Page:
SIMON BROWN: I’m chatting now with Casey Delport, an investment analyst at Anchor Capital. Good morning, Casey. I appreciate the early morning time. You put a note out on the Anchor website yesterday morning talking about the SA consumer. The key point, I suppose, is that the general economic recovery has been supportive of a consumer rebound and we’re certainly seeing evidence of it.
You mentioned electricity consumption, you mentioned mobility, which we can get from Apple and Google in a sense. There has been a fairly strong rebound from the hard lockdowns of April, May last year.
CASEY DELPORT: Hi there. Good morning and thank you for having me. When you look at the local consumer landscape in South Africa at the moment, there really are careful nuances to consider. You mentioned a good few of them. From one side, if you look at several local retailers, they’ve shown surprising resilience from the consumer sector. There are good results coming out from the likes of Mr Price, Pepkor, and strong post-year-end sales from The Foschini Group and so on.
This of course would bode well for the health of the South African consumer overall and indicates that South Africans have been able to get themselves back on track surprisingly quickly following the hard lockdowns of last year. But, when you look at the general state of the South African consumer, especially from a retail perspective, a key point to note is that while we are likely to see fairly robust year-on-year growth in 2021 consumer spending, this spending is also extremely uneven across the wider income spectrum, and that’s very important to consider at the end of the day.
Once the strong, low basis of 2020 has played out, the year-on-year growth rates in consumer income and spending decline quite rapidly. And if we look at the latest retail sales coming out from April, this really corroborates it. At the end of the day retail sales fell further by 0.8% month-on-month in April and this leaves retail sales below the pre-pandemic level. You want to prudent and to be cautious in employing firm conclusions from one month’s worth of data, but the weak print for April might reflect the fact that the savings that households accumulated last year may be depleting.
Ultimately the outlook for the sector is quite constrained. It’s important to remember that the government has stopped the special Covid-19 social relief of distress grants from April, and consumer spending is likely to further be dampened by a sharp rise in Covid cases, as you mentioned.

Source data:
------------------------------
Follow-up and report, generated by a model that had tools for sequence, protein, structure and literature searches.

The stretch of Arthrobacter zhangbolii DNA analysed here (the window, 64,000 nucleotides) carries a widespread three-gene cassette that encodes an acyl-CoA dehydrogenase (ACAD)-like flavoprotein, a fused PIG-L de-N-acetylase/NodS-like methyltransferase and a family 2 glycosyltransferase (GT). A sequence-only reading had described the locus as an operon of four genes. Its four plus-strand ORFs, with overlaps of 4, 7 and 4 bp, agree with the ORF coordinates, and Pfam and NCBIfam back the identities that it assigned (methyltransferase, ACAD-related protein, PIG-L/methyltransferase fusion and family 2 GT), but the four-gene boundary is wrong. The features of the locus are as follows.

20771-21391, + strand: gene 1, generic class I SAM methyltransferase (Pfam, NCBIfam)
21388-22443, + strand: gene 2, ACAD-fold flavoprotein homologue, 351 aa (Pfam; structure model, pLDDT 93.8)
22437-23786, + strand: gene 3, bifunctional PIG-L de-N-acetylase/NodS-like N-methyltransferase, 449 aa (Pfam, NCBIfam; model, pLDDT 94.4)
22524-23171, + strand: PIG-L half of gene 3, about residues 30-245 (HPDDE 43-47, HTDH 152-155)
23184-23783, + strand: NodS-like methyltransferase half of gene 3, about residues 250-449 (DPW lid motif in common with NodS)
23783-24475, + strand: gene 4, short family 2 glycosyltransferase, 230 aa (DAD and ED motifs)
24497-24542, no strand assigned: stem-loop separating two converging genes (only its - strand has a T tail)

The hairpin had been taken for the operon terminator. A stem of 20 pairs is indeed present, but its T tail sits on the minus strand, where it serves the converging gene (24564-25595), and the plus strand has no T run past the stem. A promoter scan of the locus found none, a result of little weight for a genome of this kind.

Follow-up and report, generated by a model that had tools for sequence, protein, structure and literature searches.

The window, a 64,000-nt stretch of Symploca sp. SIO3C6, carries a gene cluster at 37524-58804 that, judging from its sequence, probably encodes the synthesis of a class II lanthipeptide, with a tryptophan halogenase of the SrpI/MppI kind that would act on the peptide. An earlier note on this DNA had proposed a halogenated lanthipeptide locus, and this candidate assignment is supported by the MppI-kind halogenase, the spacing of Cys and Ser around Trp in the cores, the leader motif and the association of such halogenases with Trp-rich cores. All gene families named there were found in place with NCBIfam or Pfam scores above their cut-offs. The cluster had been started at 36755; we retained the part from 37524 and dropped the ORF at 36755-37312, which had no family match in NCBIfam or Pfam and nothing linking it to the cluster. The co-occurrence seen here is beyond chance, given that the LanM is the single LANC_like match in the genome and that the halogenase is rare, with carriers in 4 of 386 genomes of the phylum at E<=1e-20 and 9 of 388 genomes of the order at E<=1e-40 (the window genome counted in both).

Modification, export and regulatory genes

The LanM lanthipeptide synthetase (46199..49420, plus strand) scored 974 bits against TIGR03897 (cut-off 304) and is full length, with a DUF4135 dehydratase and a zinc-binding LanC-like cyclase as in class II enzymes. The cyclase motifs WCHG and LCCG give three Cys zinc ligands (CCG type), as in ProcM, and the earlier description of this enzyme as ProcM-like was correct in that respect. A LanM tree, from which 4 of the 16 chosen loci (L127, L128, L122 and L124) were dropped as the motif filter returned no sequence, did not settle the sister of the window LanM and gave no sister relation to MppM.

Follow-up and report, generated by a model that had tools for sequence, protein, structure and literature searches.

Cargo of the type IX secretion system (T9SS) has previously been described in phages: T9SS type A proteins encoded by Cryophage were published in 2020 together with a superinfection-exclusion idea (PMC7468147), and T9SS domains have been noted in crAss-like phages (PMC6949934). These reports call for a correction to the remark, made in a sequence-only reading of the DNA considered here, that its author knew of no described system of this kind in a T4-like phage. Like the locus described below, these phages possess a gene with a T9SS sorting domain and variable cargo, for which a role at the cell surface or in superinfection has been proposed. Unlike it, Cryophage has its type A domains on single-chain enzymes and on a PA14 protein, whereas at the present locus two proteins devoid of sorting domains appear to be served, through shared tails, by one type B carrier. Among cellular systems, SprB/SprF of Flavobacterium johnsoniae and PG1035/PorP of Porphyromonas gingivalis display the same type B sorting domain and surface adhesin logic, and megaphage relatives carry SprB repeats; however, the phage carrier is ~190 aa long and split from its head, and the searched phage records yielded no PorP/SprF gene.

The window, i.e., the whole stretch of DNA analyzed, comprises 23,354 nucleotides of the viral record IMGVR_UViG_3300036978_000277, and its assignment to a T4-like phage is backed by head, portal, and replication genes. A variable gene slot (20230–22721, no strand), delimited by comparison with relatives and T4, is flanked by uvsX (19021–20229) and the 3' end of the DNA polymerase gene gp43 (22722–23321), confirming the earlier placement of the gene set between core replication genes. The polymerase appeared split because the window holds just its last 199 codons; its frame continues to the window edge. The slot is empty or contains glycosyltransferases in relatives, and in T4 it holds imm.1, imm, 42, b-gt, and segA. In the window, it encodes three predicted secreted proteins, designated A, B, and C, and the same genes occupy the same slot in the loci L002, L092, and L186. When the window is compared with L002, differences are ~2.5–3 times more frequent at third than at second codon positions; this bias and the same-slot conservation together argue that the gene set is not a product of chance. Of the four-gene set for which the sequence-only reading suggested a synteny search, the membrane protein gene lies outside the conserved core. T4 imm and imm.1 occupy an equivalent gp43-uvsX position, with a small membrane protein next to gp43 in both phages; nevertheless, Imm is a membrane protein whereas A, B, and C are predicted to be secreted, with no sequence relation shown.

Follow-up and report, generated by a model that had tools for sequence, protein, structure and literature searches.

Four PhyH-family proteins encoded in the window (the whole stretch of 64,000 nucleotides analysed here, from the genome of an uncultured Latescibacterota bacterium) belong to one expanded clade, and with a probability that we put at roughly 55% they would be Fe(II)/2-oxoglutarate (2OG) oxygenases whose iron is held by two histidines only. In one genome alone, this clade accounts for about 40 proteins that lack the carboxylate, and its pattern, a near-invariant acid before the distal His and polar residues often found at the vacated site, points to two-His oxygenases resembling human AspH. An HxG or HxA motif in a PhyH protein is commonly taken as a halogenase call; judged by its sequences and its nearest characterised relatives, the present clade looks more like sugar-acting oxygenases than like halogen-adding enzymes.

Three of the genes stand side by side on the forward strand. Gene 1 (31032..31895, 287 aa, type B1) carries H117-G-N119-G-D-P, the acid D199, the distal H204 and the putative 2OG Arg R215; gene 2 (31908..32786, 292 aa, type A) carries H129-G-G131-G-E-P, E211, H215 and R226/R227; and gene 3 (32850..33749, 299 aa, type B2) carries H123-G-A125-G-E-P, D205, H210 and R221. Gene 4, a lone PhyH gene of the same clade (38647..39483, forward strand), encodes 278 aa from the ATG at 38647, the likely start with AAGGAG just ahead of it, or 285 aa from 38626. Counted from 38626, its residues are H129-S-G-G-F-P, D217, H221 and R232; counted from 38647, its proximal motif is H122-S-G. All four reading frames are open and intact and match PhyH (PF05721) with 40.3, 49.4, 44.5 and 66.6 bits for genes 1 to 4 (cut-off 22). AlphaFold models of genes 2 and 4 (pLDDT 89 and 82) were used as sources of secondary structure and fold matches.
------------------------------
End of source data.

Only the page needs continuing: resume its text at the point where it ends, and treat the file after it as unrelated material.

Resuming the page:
SIMON BROWN: I like your point there. Let’s be, I suppose, cautious with our expectations. We’ve had a strong rebound. Some of that is certainly pent-up demand. Some of it is certainly the Ters, the government grants, and so on sort of working their way out of the system. My sense is that in the next maybe couple of months the results which we’ll start seeing to June and maybe even to August are going to give us a better picture of just how robust the consumer has come through the pandemic.
CASEY DELPORT: Yes. That’s 100% true. At the end of the day unemployment in South Africa still remains worryingly high at 32.6%. That’s really important to remember when we look at the strength of the consumer going forward. Traditionally of course, from a socioeconomic perspective, the lower-income groups continue to face the greater hardships. But as we look through the data specifically even our most affluent consumer segments continue to be affected by the macroeconomic conditions at play at the moment. But that’s notwithstanding the higher income base that the consumer group has as a relative buffer. So I think these next few months really will be quite telling.
SIMON BROWN: And one of the key points – and it’s partly your conclusion to the note that you wrote – it’s so incredibly true that we are a nation of spenders rather than savers. Truthfully many countries can say that. Japan is obviously the saving nation, but we do spend, and that’s great for retailers; it’s thanks to easy credit. But that does have very longer-term implications in that we do spend when we’ve got the cash in our pocket, where we can get a credit card. We’re out there and we are shopping up a storm.
CASEY DELPORT: It’s true. And it really is fascinating when you look at it. South Africa has such a unique culture when it comes to savings versus spending relative to our peers. If we look a little bit closer to home towards the Southern African Development Community, even our Brics nations, they all have positive saving rates, and SA doesn’t.
I think the question at the end of the day is what makes South Africa so different. Again, it largely boils down to the fact that it is so easy to get a credit extension in South Africa, and it really has not allowed people to build a culture of savings. The longer-term issues coming through from this are that, when we look at this from a greater perspective, often South Africans don’t even consider the interest rates that they are paying; and worryingly most people don’t actually understand how much they pay in things like fees and interest, given the amounts aren’t transparent. We have seen this come under fire in recent years by the various sorts of consumer and bank regulators.
All of this at the end of the day really means that on average South Africans will continue spending, whether they have the funds available or not, and that does have really important long-term implications.
SIMON BROWN: It does make for an interesting quirk as an investor in the retail space. If we are spending, not saving, the retailers are without doubt one of the winners as a result of that. Casey Delport, investment analyst at Anchor Capital, I really appreciate your early morning.
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